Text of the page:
Though thou hast never done me pleasure, yet I love thy father well: thy father is my friend, and hath deserved that I do all that I can for thee, etc.’

Here is a testament and a promise made unto me in the love of my father only. If I come to the said gentleman in the name of one of his servants which I never saw, never spake with, neither have any acquaintance at all with, and say, ‘Sir, I pray you be good master unto me in such a cause: I have not deserved that thou shouldest so do; nevertheless I pray you do it for such a servant’s sake: yea, I pray you for the love that you owe to my father, do that for me for such a servant’s sake:’ if I this wise made my petition, would not men think that I came late out of St Patrick’s purgatory and had left my wits behind me? This do we. For the testament and promises are all made unto us in Christ: and we desire God to fulfill his promises for the saints’ sake; yea, that he will for Christ’s sake do it for the saints’ sake. 

They have also martyrs, which never preached God’s word, neither died therefore; but for privileges and liberties, which they falsely purchased, contrary unto God’s ordinances. Yea, and such saints, though they be dead, yet rob now as fast as ever they did, neither are less covetous now than when they were alive. I doubt not but that they will make a saint of my lord cardinal after the death of us that be alive, and know his juggling and crafty conveyance; and will shrine him gloriously for his mightily defending of the right of the holy church, except we be diligent to leave a commemoration of that Nimrod behind us.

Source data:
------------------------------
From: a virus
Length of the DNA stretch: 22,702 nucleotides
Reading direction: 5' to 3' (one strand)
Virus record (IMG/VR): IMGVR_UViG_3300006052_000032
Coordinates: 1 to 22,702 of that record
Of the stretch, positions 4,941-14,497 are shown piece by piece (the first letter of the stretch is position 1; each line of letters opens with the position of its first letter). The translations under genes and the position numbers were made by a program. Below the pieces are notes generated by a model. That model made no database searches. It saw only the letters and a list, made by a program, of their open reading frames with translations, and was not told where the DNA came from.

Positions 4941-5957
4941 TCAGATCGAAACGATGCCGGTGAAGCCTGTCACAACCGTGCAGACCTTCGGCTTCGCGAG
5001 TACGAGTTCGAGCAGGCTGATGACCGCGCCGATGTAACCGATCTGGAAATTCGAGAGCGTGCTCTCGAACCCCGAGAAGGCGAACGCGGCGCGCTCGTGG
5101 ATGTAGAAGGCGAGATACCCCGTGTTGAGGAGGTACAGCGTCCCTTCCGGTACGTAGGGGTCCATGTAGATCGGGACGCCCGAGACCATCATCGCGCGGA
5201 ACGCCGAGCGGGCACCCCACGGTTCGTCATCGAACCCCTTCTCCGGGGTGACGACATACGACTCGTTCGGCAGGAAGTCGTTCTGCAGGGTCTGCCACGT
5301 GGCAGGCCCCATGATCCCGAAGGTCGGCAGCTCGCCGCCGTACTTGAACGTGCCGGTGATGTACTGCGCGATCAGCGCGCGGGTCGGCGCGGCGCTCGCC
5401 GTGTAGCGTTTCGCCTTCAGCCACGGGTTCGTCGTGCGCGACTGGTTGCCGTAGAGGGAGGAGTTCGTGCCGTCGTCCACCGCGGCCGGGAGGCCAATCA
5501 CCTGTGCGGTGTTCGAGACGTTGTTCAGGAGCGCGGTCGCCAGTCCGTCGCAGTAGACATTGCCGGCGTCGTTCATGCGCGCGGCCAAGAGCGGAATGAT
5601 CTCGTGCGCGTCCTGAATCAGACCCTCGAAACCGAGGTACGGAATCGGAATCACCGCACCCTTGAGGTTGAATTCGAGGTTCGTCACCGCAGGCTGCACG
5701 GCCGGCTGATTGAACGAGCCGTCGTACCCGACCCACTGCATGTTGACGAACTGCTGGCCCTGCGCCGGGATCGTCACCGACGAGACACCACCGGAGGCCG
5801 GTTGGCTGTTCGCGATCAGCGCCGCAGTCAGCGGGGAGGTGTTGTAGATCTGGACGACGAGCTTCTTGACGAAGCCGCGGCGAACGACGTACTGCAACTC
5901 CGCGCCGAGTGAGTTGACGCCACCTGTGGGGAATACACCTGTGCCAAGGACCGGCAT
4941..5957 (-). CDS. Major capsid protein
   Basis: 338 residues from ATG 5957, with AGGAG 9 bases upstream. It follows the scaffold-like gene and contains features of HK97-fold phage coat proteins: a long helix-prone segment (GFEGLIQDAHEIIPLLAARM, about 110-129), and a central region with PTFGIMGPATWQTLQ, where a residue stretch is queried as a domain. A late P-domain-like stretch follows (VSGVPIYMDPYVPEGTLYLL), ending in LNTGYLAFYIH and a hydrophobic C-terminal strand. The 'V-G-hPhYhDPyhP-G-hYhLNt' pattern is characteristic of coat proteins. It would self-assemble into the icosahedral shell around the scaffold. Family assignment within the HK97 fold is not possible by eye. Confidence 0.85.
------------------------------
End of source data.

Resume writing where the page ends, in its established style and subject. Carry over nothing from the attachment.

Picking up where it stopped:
The reasons wherewith they prove their doctrine are but fleshly, and, as Paul calleth them, “enticing words of man’s wisdom ;” that is to wit, sophistry, and brawling arguments of men with corrupt minds and destitute of the truth, whose God is their belly, unto which idol whosoever offereth not, the same is an heretic, and worthy to be burnt. ‘The saint was great with God when he was alive, as it appeareth by the miracles which God shewed for him; he must therefore be great now,’ say they. This reason appeareth wisdom; but it is very foolishness with God.

For the miracle was not shewed that thou should put thy trust in the saint, but in the word which the saint preached; which word, if thou believest, would save thee, as God hath promised and sworn, and would make thee also great with God, as it did the saint. ‘If a man have a matter with a great man, or a king, he must go first unto one of his mean servants, and then higher and higher till he come at the king.’ This enticing argument is but a blind reason of man’s wit. It is not like in the kingdom of the world, and in the kingdom of God and Christ.